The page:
Brian Quinn, a former Celtic chairman, has paid tribute to the contribution of his successor John Reid, who will step down from the post in October.
"John has provided the leadership you'd expect from an ex-Cabinet minister," Quinn said of Reid - Baron Reid of Cardowan since his peerage in 2010.
"He has kept the ship straight. There has been a lot of turbulence both on the field and off the field.
"John did it his way - I've no fault to find with him."
He added: "You've got to have a wide range of tolerance for how people conduct themselves in this kind of job."
Lord Reid has been an outspoken and highly visible Celtic chairman and, in the past season, he has been critical of the standard of refereeing in Scotland.
At Celtic's annual meeting last year he said "bold, radical action" should be taken against "lies, conspiracies and cover-ups" within Scottish football.
That followed the controversy at Tannadice when referee Dougie McDonald admitted to lying to Celtic manager Neil Lennon about how a decision had been reached to overturn a penalty decision, initially given to Lennon's team.
"We're not asking for special treatment, but neither will we be treated as less than anyone else," Reid had added. "Those days are gone."
Quinn, though, said he felt any suggestion of Scottish referees being biased was wide of the mark.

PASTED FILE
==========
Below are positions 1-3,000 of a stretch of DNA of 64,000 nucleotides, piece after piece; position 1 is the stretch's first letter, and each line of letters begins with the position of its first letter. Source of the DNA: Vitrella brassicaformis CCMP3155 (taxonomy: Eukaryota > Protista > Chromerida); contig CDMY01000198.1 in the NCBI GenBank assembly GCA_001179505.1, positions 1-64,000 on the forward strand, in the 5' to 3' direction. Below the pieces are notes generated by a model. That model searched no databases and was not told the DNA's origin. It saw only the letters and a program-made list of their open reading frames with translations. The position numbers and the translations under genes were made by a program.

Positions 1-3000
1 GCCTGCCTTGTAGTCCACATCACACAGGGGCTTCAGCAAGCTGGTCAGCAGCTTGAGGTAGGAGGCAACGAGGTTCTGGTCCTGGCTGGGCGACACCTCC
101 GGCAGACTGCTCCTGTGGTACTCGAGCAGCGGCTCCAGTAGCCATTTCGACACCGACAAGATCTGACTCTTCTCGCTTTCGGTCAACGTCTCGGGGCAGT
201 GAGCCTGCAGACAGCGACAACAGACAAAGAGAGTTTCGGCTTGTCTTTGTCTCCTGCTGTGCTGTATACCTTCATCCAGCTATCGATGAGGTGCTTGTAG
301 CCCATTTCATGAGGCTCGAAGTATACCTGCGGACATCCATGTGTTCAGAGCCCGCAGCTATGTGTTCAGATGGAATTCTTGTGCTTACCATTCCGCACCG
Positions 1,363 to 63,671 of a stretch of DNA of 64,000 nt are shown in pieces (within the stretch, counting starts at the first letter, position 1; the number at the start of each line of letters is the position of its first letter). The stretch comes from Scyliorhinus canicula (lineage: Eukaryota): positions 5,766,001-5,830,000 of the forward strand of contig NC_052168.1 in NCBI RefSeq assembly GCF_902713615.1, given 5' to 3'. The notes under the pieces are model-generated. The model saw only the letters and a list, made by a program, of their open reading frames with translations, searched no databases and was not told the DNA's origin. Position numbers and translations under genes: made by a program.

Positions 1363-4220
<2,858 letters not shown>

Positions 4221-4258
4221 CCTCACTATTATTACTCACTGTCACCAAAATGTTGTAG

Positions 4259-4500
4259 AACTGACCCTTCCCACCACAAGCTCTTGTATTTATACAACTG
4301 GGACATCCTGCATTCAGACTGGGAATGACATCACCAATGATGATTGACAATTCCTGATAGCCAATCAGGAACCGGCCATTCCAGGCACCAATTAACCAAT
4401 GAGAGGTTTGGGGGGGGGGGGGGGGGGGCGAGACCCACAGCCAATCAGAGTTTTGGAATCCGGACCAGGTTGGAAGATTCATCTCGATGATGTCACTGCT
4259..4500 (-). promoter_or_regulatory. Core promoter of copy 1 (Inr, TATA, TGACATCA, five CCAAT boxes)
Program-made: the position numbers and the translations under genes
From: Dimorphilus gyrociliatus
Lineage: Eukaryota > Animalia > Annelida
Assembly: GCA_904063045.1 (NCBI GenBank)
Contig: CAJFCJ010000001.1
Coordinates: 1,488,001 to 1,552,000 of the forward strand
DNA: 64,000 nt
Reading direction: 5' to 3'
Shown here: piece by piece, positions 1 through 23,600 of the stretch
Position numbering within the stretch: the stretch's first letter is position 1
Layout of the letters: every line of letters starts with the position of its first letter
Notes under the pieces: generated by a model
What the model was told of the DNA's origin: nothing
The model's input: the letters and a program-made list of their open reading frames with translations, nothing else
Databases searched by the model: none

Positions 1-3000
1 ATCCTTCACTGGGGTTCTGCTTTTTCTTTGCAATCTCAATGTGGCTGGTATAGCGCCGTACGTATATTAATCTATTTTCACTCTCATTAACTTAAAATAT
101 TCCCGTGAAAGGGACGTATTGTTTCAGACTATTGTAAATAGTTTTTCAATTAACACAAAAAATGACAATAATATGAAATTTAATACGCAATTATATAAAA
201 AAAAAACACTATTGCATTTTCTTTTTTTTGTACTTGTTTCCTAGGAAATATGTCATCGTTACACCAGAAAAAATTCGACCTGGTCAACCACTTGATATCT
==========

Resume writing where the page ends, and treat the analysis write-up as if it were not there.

Referring to his seven and a half years in the post, he told BBC Scotland: "I would say my main criticism of the refereeing situation was competence rather than bias.
"The demands on referees have increased over time but, comparing it with other leagues that I see, I don't think the quality of referees in Scotland was as high as it should have been in my time.
"I still come up for a number of Celtic games and I see games south of the border too.
"I think strenuous efforts are being made to improve the quality of referees but that is where the emphasis should fall - on the competence of referees and, in particular, assistant referees - linesmen."
And Quinn added: "Did I think there were mistakes made? Yes, of course, but there are mistakes made in every walk of life.
"The question is, are the mistakes greater than in other fields? It is very hard to find a comparison - I don't watch rugby or cricket.
"But, on the whole, bias was not a huge issue for Celtic."
Reid will hand over the reins to Ian Bankier, a businessman in the whisky industry, and Quinn outlined the challenges the new man will face.
"The biggest problem is how you reconcile your wish to have success on the football field with the avoidance of getting into trouble financially," he said.
"It is a challenge that is global, it is not just related to Scottish football.
"There is always pressure from the fans and the media to do better, and in Scotland that pressure tends to be concentrated on two clubs in particular.
"How you manage that pressure and how you keep the club from getting into financial difficulties is the continuing problem."
And, despite the "unremitting pressure" that "gets in to every pore of your being", Quinn viewed the position he held at Celtic as a privilege.
He said: "It is a great honour to be asked to chair the football club that you have supported all your life.
"There is an enormous amount of job satisfaction. You certainly don't do it for the amount of applause; you do it because you think it is worth doing and worth doing well.
"If you've got a supportive board and you make progress on and off the field, then that brings its own reward.
"But it's not a financial reward, it's a reward that comes from doing a very difficult job as well as you can."